LessMissAbs Thu 31-Jan-13 18:50:14

I think thats what hes got you for. ie you are there to do all the family stuff, he works, he gets to do his sports uninterrupted. I don't think its right or fair at all, but I suspect thats how he sees it. I think its hard to change this mindset.

I say this as someone who does a sport very seriously myself, and noticed how theres a split between men with partners that share their interest and those that don't. I couldn't understand it at first, since DH and I love doing things together, but now I think its a deliberate choice so they can do their sport and not worry about the family thing.

Sorry, not much use. I be pissed if I were you.

grobagsforever Thu 31-Jan-13 18:50:42

A job outside the home is a good idea. Just in case this man doesn't change. Do you have full access to money etc?

exoticfruits Thu 31-Jan-13 19:05:29

Get a calendar and put down things that you want to do-make it clear he will have to be at home to cover. Announce that you are going out for a day with a friend and do it.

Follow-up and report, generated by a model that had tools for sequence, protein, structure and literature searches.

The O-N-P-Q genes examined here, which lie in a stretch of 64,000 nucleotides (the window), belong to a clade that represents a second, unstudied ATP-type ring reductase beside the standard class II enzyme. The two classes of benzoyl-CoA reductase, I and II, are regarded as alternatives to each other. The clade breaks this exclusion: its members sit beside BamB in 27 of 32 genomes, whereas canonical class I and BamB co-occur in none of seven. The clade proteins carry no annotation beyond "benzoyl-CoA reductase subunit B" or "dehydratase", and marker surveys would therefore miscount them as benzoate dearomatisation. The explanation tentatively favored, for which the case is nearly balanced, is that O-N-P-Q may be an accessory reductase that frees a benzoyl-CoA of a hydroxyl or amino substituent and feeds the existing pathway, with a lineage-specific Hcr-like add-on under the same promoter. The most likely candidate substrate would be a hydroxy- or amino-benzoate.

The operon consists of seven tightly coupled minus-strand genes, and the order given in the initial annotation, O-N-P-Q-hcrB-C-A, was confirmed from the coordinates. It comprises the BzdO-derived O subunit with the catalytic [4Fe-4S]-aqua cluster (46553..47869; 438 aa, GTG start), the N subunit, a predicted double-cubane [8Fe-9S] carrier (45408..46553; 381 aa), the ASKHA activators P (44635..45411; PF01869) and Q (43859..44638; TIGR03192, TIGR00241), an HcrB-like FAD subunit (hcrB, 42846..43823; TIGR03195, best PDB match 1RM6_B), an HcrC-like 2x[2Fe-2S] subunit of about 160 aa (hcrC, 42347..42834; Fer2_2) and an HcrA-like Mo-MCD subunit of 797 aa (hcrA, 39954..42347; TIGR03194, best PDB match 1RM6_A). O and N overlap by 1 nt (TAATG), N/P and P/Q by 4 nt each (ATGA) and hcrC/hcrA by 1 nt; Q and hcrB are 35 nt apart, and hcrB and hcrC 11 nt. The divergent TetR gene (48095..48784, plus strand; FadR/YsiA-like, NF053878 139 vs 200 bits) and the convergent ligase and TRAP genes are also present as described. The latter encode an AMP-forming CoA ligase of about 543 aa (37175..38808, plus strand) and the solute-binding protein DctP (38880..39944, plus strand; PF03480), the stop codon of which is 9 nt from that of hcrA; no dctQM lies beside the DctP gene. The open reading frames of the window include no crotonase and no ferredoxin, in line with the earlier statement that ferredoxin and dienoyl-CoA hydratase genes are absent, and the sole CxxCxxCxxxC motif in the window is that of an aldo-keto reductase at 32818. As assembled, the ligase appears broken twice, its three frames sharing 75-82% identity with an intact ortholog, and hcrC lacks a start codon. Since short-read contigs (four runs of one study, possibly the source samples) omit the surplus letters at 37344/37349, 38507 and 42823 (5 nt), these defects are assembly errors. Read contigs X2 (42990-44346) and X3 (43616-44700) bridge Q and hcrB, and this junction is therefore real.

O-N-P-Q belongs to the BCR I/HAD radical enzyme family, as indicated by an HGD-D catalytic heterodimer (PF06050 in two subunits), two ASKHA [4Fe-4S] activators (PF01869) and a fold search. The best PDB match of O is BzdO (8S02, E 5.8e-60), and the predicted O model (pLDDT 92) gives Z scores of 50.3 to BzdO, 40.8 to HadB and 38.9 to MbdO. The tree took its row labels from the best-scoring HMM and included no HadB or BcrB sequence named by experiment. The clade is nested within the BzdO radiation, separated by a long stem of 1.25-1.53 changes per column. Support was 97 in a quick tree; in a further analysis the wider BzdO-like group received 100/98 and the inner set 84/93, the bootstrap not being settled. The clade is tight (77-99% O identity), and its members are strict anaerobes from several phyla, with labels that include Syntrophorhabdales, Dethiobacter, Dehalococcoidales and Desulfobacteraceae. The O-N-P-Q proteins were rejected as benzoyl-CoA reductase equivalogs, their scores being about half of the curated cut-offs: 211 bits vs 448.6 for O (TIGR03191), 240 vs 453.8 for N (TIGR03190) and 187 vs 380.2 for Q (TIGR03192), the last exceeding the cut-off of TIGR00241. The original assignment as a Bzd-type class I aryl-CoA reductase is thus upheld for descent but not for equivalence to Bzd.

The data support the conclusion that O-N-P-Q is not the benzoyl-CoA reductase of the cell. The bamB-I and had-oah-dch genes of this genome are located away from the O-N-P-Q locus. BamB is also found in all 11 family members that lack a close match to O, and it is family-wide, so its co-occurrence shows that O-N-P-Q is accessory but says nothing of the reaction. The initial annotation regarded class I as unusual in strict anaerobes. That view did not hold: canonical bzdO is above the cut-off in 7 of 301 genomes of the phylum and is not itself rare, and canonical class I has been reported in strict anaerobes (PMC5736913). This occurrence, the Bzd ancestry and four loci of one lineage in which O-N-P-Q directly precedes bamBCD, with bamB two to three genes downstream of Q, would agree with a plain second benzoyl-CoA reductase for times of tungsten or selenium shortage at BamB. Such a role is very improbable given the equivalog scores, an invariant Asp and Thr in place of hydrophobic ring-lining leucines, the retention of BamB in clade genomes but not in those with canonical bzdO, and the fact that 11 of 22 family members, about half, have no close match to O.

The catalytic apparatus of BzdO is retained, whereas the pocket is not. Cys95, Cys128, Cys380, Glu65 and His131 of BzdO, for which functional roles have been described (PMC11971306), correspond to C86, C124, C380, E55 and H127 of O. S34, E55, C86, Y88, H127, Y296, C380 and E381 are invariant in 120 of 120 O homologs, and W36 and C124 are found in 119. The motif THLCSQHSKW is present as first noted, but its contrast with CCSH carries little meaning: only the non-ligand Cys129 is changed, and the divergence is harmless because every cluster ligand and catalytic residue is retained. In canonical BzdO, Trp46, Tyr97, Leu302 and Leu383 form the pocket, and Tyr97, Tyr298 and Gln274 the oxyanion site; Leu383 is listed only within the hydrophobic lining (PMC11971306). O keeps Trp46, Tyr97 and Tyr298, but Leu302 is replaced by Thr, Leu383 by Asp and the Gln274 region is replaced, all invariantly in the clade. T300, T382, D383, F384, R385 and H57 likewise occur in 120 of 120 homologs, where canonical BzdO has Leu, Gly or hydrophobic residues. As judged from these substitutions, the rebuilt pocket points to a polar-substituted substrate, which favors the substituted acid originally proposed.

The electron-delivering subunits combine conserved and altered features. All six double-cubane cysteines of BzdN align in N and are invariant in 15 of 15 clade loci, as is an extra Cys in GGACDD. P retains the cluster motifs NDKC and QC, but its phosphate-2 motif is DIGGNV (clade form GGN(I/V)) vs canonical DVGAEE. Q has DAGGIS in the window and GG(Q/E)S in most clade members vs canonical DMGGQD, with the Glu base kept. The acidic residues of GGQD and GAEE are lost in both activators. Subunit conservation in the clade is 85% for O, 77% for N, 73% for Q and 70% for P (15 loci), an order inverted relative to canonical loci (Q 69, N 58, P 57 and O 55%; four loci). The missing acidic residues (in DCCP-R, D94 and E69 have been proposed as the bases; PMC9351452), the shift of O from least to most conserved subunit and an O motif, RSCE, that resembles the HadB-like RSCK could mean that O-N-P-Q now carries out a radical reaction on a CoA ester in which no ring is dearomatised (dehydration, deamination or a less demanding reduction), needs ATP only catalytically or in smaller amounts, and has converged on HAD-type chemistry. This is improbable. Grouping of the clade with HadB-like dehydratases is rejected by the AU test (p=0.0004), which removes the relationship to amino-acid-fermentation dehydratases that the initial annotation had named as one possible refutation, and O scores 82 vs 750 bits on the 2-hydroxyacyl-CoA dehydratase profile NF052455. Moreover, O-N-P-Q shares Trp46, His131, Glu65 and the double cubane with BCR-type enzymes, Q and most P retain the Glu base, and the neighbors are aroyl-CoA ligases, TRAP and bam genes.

brainonastick Thu 31-Jan-13 19:35:27

What, exactly, is he bringing to your relationship at the moment?

Money aside, it doesn't sound like he offers you practical or moral support. He isn't listening to you, he is taking you for granted, and it is clear he doesn't respect you. He does, however, leave with a shit load of extra cooking and clearing up to do.

Basically, what is the point of him?

Dahlen Thu 31-Jan-13 20:37:38

Lots of marriages end up falling into this trap after children, without either partner being an abusive twat, but simply following traditional roles without thinking about the fairness involved. It's easy and culturally reinforced and normal. However, it's also dreadfully unfair and once attention has been drawn to it, a decent man stops taking advantage in this way. If he doesn't, he isn't a decent man.

Sometimes it can help to simply bugger off for a couple of weeks, but it needs to be this long, minimum, to make the point - a weekend won't cut it. It has to take in enough time for shopping to run out, bed sheets to need changing, washing to backpile, clothes to need ironing, and things to start generally falling apart. Some people really don't get how much unseen work is involved in keeping domestic harmony if they've never taken responsibility for it. Telling them doesn't work; they have to experience the sharp end of it.

IF that doesn't work, however, he's never going to change so you'll need to decide whether you can put up with it or dump his sorry arse for someone less selfish.